ax.set_xlabel('Pump Time (min)', fontsize=12)
ax.set_ylabel('Pressure (psi)', fontsize=12, color='#FF0000')
ax2.set_ylabel('Rate (bpm)', fontsize=12, color='#32A1FE')
ax3.set_ylabel('Proppant (ppg)', fontsize=12, color='#DFD300')


# Clean up plot settings
ax.get_legend().remove()
ax2.get_legend().remove()
ax3.get_legend().remove()

# Code to pull the Y axis labels proppant to the right of pump rate
ax3.spines['right'].set_position(('outward', 50))

# Add major gridlines to plot
ax.grid(which='major', axis='both', linestyle='--')

plt.title('ShaleInsights EFT 1H - Stage 7')

plt.tight_layout()

# Show Chart
plt.show()
plt.figure(figsize=(2000,2000))
fig.savefig('ShaleInsights EFT 1H - Stage 7', dpi=500)

Viewing Multiple Stages

That covers some simple techniques necessary for manipulating stimulation data. As a bonus, let’s analyze the variation between two stages and try to visualize the impact of some change that was made. Code is below, followed by the final chart output.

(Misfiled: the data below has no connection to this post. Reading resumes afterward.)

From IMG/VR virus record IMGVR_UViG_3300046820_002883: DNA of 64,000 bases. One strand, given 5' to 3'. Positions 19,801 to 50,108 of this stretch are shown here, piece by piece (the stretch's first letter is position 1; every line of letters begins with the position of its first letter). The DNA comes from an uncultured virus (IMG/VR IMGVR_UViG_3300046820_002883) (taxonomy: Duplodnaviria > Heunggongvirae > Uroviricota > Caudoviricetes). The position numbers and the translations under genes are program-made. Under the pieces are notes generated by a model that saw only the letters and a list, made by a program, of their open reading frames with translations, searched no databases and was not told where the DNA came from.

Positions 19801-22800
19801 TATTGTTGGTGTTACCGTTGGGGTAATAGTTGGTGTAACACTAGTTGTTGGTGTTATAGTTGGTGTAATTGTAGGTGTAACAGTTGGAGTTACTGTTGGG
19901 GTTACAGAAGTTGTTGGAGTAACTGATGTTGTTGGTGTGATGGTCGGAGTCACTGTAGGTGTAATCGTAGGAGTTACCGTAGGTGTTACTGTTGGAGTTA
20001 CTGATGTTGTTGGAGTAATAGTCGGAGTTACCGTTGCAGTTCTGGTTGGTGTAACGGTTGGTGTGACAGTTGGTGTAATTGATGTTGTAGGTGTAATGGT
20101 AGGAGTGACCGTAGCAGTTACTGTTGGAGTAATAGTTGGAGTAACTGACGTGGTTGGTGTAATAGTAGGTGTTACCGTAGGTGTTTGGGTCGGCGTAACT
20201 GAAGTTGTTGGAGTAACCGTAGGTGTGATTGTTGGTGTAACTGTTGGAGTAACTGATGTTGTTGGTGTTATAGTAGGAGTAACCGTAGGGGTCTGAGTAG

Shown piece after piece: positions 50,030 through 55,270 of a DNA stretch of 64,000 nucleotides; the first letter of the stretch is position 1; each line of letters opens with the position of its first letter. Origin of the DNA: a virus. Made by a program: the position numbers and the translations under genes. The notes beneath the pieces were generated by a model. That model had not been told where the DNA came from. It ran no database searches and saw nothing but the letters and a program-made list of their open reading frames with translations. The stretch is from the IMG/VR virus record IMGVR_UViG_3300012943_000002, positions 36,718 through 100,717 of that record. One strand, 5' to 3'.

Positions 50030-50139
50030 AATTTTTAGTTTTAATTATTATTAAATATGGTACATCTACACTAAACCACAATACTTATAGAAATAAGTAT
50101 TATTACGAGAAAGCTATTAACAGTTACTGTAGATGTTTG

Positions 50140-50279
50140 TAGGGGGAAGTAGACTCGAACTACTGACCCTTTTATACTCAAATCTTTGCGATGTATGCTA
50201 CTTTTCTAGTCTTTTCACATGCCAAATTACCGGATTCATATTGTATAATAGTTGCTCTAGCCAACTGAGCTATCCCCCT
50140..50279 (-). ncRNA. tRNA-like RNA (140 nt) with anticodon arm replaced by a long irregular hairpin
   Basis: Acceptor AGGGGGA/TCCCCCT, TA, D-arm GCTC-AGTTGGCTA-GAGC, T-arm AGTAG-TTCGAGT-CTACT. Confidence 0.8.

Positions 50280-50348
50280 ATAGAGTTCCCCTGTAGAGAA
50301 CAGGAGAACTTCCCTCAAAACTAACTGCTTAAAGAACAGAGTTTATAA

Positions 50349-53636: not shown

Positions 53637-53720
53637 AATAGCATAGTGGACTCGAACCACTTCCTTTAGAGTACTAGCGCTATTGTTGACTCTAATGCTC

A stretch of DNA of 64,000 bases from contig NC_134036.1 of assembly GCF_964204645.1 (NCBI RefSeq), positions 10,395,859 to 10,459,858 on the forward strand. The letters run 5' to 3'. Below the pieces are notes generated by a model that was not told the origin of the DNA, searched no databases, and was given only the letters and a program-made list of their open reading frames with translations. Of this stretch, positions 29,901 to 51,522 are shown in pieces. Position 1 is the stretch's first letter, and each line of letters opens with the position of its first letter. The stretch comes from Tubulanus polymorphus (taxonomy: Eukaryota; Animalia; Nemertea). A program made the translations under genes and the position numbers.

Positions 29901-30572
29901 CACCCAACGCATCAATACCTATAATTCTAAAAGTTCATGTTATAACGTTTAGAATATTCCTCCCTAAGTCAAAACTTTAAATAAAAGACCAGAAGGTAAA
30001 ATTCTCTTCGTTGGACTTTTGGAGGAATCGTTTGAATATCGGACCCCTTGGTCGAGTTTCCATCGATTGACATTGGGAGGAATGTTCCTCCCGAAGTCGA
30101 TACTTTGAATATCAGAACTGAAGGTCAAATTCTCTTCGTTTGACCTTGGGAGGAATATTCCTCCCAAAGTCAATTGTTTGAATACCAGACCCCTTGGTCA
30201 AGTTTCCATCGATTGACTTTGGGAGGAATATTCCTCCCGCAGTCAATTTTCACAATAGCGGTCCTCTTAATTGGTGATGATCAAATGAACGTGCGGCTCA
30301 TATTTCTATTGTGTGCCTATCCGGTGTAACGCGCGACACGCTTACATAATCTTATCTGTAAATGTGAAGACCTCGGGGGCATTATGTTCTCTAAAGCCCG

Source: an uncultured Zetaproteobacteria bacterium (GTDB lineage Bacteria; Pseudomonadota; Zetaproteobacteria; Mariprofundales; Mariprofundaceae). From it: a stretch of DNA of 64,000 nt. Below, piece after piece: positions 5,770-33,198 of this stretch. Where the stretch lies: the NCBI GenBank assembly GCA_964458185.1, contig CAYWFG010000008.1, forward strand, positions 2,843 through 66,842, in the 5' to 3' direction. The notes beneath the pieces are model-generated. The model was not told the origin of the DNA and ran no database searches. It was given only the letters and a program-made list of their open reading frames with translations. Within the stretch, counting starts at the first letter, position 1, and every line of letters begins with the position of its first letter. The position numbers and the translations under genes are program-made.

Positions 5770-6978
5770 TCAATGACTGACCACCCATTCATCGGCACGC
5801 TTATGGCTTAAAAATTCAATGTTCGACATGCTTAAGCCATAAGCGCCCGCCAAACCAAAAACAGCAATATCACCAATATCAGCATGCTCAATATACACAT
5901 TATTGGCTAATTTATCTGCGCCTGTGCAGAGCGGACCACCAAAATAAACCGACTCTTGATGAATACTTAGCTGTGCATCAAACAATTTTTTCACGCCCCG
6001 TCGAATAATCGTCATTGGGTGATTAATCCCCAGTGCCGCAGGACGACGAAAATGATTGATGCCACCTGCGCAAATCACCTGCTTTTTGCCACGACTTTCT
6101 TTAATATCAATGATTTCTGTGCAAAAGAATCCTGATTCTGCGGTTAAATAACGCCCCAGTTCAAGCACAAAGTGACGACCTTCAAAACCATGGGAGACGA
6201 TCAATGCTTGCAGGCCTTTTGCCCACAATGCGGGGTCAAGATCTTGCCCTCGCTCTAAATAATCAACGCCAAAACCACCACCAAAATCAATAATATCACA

"""
Created on Wed Oct  7 20:14:32 2020

@author: @FracLost
"""

import pandas as pd
import matplotlib.pyplot as plt
from matplotlib.ticker import (MultipleLocator, FormatStrFormatter, AutoMinorLocator)

# Load our CSV file into a pandas dataframe
stageSeven = pd.read_csv('Stage 7.csv')
stageEight = pd.read_csv('Stage 8.csv')

# Create a minutes column
stageSeven['Pump Time'] = stageSeven.index/60
stageEight['Pump Time'] = stageEight.index/60

#stageEight['Pump Time'] = stageEight['Pump Time']-4

# Add data to plot, get initial view
fig, ax = plt.subplots()

# Create a secondary Y axis for pump rate, and a third Y for proppant
ax2 = ax.twinx() #use ax2 for pump rate
ax3 = ax.twinx() #use ax3 for proppant

# Set Axis min and max
ax.set_ylim(0,12000)
ax2.set_ylim(0,120)
ax3.set_ylim(0,12)

# Stage 7 Plotting
stageSeven.plot(kind='line',x='Pump Time', y='Wellside Pressure', 
                label='Pressure - Stg 7', color='#FF0000', ax=ax , linestyle='-', alpha=0.5)
stageSeven.plot(kind='line',x='Pump Time', y='Slurry Rate', 
                label='Rate - Stg 7',color='#32A1FE', ax=ax2, alpha=0.5)